Therapeutic Kitchens for Residents with Dementia
The American Journal of Alzheimer’s Disease and Other Dementias
dementia, residential facilities, food service, environmental design
Architecture | Environmental Design | Other Architecture
Long-term care facilities are increasingly incorporating some sort of kitchen, often referred to as a therapeutic kitchen, for resident, staff, and family use through remodeling efforts or new construction. A study, consisting of five site visits and a questionnaire mailed to 631 facilities providing dementia care, was conducted to identify physical features that are typically included in therapeutic kitchen design and to explore how these features support daily use in relation to activities programming and food service systems. Findings indicate that universal design features should be incorporated to a greater extent and certain features are more common, reinforce homelike imagery, or enhance safety. Results also suggest that a higher number of residents participate in more recreational activities, such as baking, than they do in household chores, such as meal set-up, and therapeutic kitchens are not always linked to food service systems.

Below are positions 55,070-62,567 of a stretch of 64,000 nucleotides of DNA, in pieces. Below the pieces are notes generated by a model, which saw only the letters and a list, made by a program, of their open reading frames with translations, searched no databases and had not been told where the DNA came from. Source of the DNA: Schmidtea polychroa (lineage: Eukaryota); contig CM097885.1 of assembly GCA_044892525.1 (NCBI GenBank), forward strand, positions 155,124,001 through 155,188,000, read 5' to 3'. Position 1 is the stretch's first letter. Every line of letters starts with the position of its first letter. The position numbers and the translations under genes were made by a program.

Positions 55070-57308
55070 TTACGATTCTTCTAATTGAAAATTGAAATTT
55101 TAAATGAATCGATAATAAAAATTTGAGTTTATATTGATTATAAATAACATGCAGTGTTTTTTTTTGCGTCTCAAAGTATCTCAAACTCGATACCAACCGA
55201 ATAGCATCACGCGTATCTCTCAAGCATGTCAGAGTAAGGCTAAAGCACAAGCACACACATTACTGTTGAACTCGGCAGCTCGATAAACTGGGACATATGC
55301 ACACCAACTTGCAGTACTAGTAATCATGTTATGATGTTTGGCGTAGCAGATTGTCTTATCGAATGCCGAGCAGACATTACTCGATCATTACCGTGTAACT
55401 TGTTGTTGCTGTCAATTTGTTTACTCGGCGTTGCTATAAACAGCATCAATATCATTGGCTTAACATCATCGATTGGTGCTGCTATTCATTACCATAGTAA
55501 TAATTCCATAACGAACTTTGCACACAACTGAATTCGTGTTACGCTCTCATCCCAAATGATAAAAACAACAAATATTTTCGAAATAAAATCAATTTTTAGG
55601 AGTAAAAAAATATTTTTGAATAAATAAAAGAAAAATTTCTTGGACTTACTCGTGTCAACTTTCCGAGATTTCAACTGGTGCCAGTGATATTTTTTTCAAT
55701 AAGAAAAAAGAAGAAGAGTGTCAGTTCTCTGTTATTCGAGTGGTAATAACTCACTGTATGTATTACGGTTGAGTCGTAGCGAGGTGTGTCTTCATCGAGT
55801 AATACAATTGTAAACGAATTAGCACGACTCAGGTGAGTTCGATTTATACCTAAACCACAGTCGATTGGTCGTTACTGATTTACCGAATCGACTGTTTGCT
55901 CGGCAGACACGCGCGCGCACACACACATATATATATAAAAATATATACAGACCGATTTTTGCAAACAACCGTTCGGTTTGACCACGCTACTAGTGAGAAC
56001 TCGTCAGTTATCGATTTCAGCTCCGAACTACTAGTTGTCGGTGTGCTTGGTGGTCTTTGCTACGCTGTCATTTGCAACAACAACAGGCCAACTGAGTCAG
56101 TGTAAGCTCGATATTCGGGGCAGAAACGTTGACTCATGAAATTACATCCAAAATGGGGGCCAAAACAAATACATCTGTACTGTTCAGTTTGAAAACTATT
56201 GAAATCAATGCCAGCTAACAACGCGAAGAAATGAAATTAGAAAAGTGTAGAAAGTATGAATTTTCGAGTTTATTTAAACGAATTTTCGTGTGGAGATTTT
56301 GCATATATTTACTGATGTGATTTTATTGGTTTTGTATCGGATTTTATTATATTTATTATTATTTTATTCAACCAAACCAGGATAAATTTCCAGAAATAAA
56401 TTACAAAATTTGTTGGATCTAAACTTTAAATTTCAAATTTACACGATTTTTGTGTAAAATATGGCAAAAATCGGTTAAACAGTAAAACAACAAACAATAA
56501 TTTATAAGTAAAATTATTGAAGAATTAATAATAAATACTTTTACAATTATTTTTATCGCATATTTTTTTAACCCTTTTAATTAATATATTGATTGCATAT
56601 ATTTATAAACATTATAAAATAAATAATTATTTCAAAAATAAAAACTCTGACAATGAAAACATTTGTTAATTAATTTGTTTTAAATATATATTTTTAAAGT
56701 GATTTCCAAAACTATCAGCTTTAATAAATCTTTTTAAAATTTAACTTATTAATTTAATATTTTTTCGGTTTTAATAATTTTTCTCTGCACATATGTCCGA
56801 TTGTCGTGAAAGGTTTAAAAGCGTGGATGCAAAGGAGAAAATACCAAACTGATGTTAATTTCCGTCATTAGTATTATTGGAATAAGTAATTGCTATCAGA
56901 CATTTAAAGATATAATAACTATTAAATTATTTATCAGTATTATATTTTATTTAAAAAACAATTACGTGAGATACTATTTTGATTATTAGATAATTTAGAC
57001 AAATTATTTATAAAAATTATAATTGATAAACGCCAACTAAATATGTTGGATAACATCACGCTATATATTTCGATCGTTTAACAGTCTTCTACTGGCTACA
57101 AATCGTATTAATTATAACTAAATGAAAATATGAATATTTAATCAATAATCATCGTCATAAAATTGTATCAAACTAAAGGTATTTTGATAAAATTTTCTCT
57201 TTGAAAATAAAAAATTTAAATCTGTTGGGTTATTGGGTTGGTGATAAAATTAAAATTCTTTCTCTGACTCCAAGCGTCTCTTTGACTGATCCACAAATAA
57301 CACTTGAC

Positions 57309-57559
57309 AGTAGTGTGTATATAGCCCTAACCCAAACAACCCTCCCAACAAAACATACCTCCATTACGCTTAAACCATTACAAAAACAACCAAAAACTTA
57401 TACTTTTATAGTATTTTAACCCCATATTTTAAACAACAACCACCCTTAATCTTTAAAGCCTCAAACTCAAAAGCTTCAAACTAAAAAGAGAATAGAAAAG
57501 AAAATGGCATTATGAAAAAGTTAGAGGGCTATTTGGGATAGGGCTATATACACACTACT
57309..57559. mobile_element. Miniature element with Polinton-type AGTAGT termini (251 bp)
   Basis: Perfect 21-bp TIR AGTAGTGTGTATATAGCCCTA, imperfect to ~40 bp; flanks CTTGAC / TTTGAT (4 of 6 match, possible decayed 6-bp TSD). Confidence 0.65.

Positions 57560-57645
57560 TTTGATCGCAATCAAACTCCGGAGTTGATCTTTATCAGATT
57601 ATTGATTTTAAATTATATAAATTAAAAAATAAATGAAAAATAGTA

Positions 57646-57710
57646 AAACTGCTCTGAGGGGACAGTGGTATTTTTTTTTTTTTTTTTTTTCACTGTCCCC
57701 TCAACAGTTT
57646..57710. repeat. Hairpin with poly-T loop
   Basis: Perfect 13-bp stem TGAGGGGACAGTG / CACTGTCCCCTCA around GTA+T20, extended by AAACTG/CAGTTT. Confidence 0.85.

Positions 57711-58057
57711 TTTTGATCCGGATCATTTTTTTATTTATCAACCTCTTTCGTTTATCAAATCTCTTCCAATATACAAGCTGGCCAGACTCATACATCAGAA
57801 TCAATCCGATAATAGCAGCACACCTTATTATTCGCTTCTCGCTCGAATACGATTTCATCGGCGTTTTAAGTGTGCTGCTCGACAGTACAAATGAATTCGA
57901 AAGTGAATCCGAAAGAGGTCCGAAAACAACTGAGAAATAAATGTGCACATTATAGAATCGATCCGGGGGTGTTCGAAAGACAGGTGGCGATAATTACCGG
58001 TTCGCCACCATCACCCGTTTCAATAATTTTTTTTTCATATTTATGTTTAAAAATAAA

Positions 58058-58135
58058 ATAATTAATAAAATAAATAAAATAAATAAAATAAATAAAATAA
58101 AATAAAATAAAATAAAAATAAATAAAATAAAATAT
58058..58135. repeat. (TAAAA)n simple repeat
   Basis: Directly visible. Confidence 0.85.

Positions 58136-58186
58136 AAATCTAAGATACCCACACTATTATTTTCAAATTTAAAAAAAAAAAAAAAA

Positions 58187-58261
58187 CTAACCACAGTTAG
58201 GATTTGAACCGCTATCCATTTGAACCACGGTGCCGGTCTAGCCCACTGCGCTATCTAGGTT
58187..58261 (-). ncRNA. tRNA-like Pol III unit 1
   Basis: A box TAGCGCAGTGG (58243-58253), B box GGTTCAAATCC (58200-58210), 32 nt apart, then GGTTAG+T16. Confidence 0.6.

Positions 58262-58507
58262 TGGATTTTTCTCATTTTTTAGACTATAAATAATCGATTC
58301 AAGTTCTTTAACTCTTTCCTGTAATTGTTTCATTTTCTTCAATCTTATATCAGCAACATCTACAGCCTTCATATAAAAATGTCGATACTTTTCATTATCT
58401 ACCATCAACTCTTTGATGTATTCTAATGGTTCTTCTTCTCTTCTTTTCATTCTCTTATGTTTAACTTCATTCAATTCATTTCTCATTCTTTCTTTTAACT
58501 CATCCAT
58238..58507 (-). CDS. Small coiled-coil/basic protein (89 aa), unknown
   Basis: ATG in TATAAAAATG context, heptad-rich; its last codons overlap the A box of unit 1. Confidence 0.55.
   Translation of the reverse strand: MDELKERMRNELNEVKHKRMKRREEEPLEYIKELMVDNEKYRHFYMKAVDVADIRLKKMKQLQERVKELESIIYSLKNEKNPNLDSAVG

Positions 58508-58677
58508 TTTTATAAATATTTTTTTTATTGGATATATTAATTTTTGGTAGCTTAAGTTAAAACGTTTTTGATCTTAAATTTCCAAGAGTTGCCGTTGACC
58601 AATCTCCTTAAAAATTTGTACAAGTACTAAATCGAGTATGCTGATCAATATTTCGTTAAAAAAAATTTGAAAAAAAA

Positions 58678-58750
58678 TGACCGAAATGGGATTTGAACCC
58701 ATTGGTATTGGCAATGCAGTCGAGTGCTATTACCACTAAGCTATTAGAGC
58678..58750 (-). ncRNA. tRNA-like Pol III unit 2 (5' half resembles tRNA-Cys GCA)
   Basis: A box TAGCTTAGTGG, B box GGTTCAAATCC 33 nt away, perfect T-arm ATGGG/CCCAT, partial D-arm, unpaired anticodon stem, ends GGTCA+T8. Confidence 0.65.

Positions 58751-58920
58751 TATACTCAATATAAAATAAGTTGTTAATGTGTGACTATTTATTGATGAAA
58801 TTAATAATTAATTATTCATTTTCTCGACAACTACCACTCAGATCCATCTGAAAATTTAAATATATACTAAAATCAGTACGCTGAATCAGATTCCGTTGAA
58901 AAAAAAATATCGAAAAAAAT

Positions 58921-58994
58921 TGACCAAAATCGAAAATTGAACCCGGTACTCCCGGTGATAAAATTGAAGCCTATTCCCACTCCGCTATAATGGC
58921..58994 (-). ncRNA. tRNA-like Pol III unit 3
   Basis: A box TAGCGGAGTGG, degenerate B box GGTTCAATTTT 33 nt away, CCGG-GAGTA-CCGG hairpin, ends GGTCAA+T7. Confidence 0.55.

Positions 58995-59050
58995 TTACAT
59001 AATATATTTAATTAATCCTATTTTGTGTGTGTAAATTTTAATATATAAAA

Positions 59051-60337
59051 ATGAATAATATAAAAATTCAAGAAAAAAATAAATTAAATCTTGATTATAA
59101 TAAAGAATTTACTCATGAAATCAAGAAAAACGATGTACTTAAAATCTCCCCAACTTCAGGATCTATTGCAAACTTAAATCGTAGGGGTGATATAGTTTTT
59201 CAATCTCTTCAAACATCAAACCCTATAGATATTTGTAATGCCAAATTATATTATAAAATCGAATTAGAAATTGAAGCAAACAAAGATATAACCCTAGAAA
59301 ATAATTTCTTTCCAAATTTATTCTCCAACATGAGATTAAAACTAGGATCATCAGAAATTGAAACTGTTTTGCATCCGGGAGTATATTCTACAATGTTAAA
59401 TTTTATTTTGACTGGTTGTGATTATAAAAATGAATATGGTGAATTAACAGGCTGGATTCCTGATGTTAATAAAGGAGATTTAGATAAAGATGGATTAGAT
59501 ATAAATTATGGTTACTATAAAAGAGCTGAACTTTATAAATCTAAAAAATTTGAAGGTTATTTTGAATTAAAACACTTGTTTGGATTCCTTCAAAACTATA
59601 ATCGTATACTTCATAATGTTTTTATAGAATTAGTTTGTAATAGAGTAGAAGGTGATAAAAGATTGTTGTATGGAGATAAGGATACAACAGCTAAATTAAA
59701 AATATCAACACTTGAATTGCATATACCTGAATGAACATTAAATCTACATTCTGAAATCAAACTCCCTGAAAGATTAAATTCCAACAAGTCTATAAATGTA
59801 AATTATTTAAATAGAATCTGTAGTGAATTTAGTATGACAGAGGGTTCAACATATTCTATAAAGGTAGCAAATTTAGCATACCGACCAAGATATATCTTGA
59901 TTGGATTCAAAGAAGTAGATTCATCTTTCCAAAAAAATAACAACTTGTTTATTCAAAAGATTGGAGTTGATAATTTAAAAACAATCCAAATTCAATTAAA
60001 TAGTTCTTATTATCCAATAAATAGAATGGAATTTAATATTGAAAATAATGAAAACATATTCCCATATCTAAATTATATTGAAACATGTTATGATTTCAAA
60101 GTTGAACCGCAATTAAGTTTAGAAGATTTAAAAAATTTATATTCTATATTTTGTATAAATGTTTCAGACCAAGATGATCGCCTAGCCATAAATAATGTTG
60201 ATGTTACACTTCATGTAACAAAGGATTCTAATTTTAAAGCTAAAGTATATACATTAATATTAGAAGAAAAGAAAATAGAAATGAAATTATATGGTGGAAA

Marsden, J. P.; Meehan, Rebecca A.; and Calkins, Margaret P. (2001). Therapeutic Kitchens for Residents with Dementia. The American Journal of Alzheimer’s Disease and Other Dementias 16(5), 303-311. Retrieved from https://digitalcommons.kent.edu/caedpubs/21